According to the Monitoring Acid Rain Youth Program (MARYP) Wet Desert is a term used to describe the clear, blue fishless lakes. Trout, burbot, and smallmouth are just a few of the fish who have disappeared from lakes. When the water is a certain pH level, aluminum can be toxic to fish in two ways. First it is able to reduce the ion exchange through the gills and subsequently causes a salt depletion. Also aluminum precipitates in the gills and interferes with the transport of oxygen and other ions thus the fish suffocates and dies. Secondly, the fish will exude mucus to combat the aluminum in their gills. The gills are clogged with mucus and oxygen and salt transport is ceased. The fish are denied the salts needed in their blood, causing them to be unable to regulate body salts.
MARYP describes that other organisms are also affected by acid rain. It is not unusual for the growth of frogs, toads, and salamanders to stunt.
The Acid rain not only kills off species, but also alters and decreases the food
supply for higher fauna. For example, a decline in benthos (bottom-dwelling
organisms) can lead to a decline in the number of species of flies, mosquitoes,
craneflies, midges, and mayflies.
This means that fish that eat insects cannot get their food. Then birds that eat fish will end up with high amounts of aluminum in their system and their offspring will be unable to survive. Plants can also be affected if phosphates attach to aluminum. This will cause a decrease in the production of plants because phosphate is a limiting nutrient for plants. Since plant food will decrease, populations higher up in the food chain will decrease with it.
The United States Environmental Protection Agency states that harm to people from acid rain is not direct. This means that one could be surrounded by acid rain and wouldn t even know it. Air pollution, which is a cause of acid rain, puts humans at a bigger risk than swimming in an acid lake or walking in clean water. Inhaling the chemicals (sulfur dioxide and nitrogen oxides) can be damaging to the lungs. These chemicals, which cause acid rain, can also reduce one s eyesight by limiting the distance one can see. These chemicals are put out into the atmosphere by aerosols. The aerosols scatter light and cause the decrease in visibility, and they are the main cause of poor visibility in the eastern United States (United States Environmental Protection Agency).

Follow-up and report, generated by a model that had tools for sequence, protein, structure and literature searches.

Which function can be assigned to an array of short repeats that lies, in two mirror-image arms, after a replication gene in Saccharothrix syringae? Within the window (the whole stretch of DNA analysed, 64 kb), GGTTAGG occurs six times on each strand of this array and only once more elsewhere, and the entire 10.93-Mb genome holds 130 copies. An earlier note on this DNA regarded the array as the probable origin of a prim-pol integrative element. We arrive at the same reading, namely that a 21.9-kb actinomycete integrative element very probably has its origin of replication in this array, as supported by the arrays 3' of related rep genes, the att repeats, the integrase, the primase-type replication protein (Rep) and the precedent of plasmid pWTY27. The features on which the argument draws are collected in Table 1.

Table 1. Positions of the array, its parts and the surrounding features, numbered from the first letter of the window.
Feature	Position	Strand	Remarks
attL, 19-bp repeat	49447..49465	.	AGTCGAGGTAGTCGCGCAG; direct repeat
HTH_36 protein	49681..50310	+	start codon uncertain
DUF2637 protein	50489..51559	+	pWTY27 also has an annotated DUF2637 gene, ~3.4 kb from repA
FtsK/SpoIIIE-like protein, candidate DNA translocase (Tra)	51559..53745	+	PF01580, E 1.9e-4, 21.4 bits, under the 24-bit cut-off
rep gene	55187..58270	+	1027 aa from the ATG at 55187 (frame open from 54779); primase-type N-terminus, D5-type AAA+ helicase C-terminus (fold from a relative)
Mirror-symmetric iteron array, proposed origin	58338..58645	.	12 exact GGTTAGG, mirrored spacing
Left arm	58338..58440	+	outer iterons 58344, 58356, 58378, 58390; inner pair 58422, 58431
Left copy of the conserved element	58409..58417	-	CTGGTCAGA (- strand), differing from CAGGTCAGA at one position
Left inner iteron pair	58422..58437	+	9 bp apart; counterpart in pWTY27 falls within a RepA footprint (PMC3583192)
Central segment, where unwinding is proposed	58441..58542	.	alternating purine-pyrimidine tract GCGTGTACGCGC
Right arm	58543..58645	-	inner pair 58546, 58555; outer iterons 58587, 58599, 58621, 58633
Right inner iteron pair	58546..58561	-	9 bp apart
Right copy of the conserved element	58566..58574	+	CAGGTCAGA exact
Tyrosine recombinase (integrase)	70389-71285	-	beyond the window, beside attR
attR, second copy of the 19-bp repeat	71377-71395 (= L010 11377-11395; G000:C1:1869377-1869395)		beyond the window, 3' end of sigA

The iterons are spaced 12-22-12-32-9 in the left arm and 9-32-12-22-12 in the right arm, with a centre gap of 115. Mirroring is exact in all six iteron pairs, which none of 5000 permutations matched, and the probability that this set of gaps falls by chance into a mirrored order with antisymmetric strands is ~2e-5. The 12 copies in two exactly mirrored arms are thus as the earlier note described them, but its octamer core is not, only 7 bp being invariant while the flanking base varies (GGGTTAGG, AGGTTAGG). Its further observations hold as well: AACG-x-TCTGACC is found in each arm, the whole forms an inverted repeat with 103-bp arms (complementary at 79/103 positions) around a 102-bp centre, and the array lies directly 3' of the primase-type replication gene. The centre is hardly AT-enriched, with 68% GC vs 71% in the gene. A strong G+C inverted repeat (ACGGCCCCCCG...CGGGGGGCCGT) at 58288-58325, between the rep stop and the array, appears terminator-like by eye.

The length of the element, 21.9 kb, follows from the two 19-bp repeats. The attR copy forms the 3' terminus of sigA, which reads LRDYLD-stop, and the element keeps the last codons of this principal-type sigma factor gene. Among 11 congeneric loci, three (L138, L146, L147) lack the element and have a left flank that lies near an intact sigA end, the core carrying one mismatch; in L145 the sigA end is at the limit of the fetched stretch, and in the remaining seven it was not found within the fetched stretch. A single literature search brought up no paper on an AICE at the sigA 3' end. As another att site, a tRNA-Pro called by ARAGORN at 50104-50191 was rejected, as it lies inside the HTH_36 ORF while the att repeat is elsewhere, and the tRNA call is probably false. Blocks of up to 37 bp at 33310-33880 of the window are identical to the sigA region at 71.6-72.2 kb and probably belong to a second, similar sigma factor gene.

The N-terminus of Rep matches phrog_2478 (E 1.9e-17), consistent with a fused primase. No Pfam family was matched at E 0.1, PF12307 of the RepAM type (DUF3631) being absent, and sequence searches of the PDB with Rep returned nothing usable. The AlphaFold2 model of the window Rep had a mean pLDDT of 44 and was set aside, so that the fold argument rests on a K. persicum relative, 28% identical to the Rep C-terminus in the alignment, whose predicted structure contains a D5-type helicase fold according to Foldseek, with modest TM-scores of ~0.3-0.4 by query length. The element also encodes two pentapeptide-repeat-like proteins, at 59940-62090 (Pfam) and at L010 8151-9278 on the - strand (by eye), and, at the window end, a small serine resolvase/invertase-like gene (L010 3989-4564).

According Patel, the effect of acid rain on trees is a big problem. The trees most affected are conifers. The needles fall off and they are unable to produce new trees from the seeds. The nutrients that are taken in by the trees are affected by the acid rain and the trees are left without the food they need to survive. The trees are then susceptible to falling down or falling apart due to the weight of snow ( Acid Rain Effects: Forests par 1).
Patel indicates that acid rain can damage certain man-made objects. There are many man-made materials on earth. Limestone and marble being two that are damaged often. Acid dissolves in the stone and the solution evaporates. Crystals are then formed in the stone and they begin to expand and break the stone up into pieces. Thus, the monument falls to the ground ( Acid Rain Effects: Monuments par 1).
Acid rain can have many effects on many different things. Whether it affects forests, humans, monuments, or water bodies it can be harmful. Patel explains that in order to prevent acid rain, one can take a few simple steps. Reducing the use of hair spray can decrease acid rain. Laws have been passed to enforce businesses to reduce acid gases but they are obviously not enforced. The best way to reduce is to use the smallest amount of energy possible. One can turn the lights off in a room each time he/she leaves it, or ride the bus. Any way one can think of saving energy is a good way to reduce acid rain so that our communities can live longer and healthier ( Acid Rain Prevention par 4-8).
Environmental Protection Agency, Effects of Acid Rain on People,
Middleton, N, Atlas of Environmental Issues New York: llex 1989, 50-51.
Monitoring Acid Rain Youth Program, Effects of Acid rain on Aquatic Ecosystems,
Patel, Acid Rain, Internet article from the University of Texas
Tracy Gow and Michael Pidwimy, Acid Rain and Deposition,
, October 17, 1996